Thirty years of horror: The Texas Chainsaw Massacre (1974)

I will say that parts of Lifeforce hold up. If you know what I mean.

I think the sequel speaks volumes for Tobe Hooper's authorial intent in the first movie. I.e. he didn't really know what he was doing.

I'm curious if there are any Last House of the Left apologists. Serious question. Do any Texas Chainsaw Massacre defenders also stand up for that movie? I'd be fascinated to hear a brief defense of that movie.

All I know about that movie is that they really killed a turtle or something. I can stomach an actual animal death is, say, Michael Haneke's Time of the Wolf (a horse was killed onscreen), but I'm not sure I can stomach it in some sleezy 70s horror movie.

Burt Reynolds snuffed a horse onscreen and you're not outraged?

That was killing you, wasn't it? To write a comment that long without including an insult until the very end?

Heh, fair point about getting there first. That might have played back in '74, but I don't think it counts for much these days. At least not for me. I don't recall when I first saw Texas Chainsaw Massacre, but it was long after I could be impressed by a murderous idiot manchild in a silly mask.

The chainsaw thing is interesting because it makes the point so well about flesh as a resource. But I tend to associate it with Sam Raimi goofiness and later zombie movies. But practically speaking, it makes no sense and it makes a really poor showing in the movie. It's heavy, its hard to use, it's loud. It does bupkis against that truck at the end of the movie. Oh, look, Leaterface scratched the paint on that dude's driver side door. In fact, Leatherface dings his own darn leg. What a maroon!

While I certainly acknowledge the cultural significance of the chainsaw as a weapon -- begrudging thanks to Tobe Hooper -- I think it's just another example of how clumsy this movie is.

Yes, what a horrific insult to you as a human to say you gave the film a "lazy viewing" after going to length to explain why I believe that is so. Way to make the movie not the only thing you've misread on this page. Critics, man... saying a filmmaker makes irredeemable violence porn is a valid review (it is), but someone saying those critics made a lazy interpretation is below the belt (it isn't).

"weirdness for weirdness['] sake"

Finding out I could keep a chicken in a birdcage saved me a lot of hassles down the line.

I'd be fascinated too because it'd be a great way to get a list of names together to hand in to the authorities.
I don't think there's any defending Last House on the's pretty vile. In a way, that's kind of the point but it doesn't excuse the fact that it's a badly made shock picture with little value. The only redeeming quality is that David Hess plays a really, really nasty bad guy. He reprised almost the exact same character some years later in a Ruggero Deodato film, House at the Edge of the Park. It was a similar film, but it made some sort of half-hearted attempts at themes. Yeah.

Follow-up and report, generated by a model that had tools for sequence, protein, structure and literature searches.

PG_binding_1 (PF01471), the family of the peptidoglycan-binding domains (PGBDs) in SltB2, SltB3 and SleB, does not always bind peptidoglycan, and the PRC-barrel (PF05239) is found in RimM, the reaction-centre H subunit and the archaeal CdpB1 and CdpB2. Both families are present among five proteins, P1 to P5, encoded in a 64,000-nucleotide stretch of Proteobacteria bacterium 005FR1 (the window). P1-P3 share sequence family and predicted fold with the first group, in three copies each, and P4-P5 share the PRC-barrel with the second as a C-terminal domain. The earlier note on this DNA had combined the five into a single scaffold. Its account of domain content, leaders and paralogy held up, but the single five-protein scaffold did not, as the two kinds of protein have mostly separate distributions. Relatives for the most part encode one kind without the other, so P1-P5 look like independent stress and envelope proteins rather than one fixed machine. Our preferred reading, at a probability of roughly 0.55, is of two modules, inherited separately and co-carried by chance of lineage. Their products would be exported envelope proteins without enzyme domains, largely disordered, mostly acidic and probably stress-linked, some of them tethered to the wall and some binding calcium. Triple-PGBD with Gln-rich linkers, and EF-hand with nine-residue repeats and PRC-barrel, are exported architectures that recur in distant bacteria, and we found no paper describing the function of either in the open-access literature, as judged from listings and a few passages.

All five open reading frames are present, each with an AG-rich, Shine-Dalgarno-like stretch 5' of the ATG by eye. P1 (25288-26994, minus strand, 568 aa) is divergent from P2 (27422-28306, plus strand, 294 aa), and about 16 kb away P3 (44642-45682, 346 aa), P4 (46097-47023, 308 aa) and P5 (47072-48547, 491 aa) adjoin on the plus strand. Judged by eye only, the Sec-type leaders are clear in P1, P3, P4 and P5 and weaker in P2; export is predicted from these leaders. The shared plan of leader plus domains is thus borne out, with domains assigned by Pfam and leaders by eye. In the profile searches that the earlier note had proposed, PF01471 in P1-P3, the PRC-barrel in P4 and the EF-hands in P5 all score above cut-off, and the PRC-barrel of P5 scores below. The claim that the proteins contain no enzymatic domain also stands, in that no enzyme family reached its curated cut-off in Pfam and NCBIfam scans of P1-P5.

Well, here's the thing. It's a BRILLIANT film. It's actually very complex and touches on some rather surprising thematic material- you could almost view it as a criticism of Western anthropology and it'd hold up. It makes sense as an anti-colonial screed. It more or less created the "found footage" genre by mashing up Mondo Cane-style "real" footage with a framing narrative. The horror elements in it feel more real than anything else I've ever seen. There's all of this interesting meta stuff about it too, regarding the filming of it, the actors, and Deodato's direction.
HOWEVER, there is the animal killing business in it, which is absolutely repellent and morally wrong. There's also some particularly vile, sexualized violence in it that is inexcusable. Yet the film is putting this out there, and like Texas Chainsaw Massacre, it's almost as if the film is showing you both some very real and very morally repugnant material and asking "well, what did you expect?"
The images in the film linger long after you see it, it has an impact quite unlike any other horror film. It _poisons_ you.
But seriously, I do not recommend it at's truly awful, but I can't deny its savage allure that dares you to to look, dares you to be _entertained_ by it. And then makes you feel absolutely awful for seeing it.

This kind of brings up an interesting point...I think it's become common (in video games too) for fans of a particular work, author, publisher or whatever to jump up and down whenever there is any kind of semblance of higher themes or values in a piece. Witness the solemn nodding and thoughtful chin-scratching of anyone discussing Bioshock Infinite or The Last of Us. You see this in horror and other genre films too- it's like there's this sense of striving for literary legitimacy or something, and any kind of implied theme such as those in TCM are met with the assumption that the work is the intentional product of genius.
With TCM, it's pretty clear that Hooper isn't a great director. And this notion that the "vision" of the film is the product of his imagination/authorial intent may be suspect. The film looks grimy and cheap not because of directoral choices, but because it was a low budget film. The themes and "deep hidden meanings" likely have as much to do with the film being a product of its time than they do with wilful screenwriting and production decisions. A lot of the higher values applied are retroactive.
But folks want films like TCM to be "legit", to have value above and beyond the genre, so they can say "see look, I don't just watch this stuff to see pretty girls get cut up".
So it could be that any merit the film has on this level is illusory (or accidental), and that Hooper was just knocking together whatever he could to make this picture. Which honestly, is probably the case.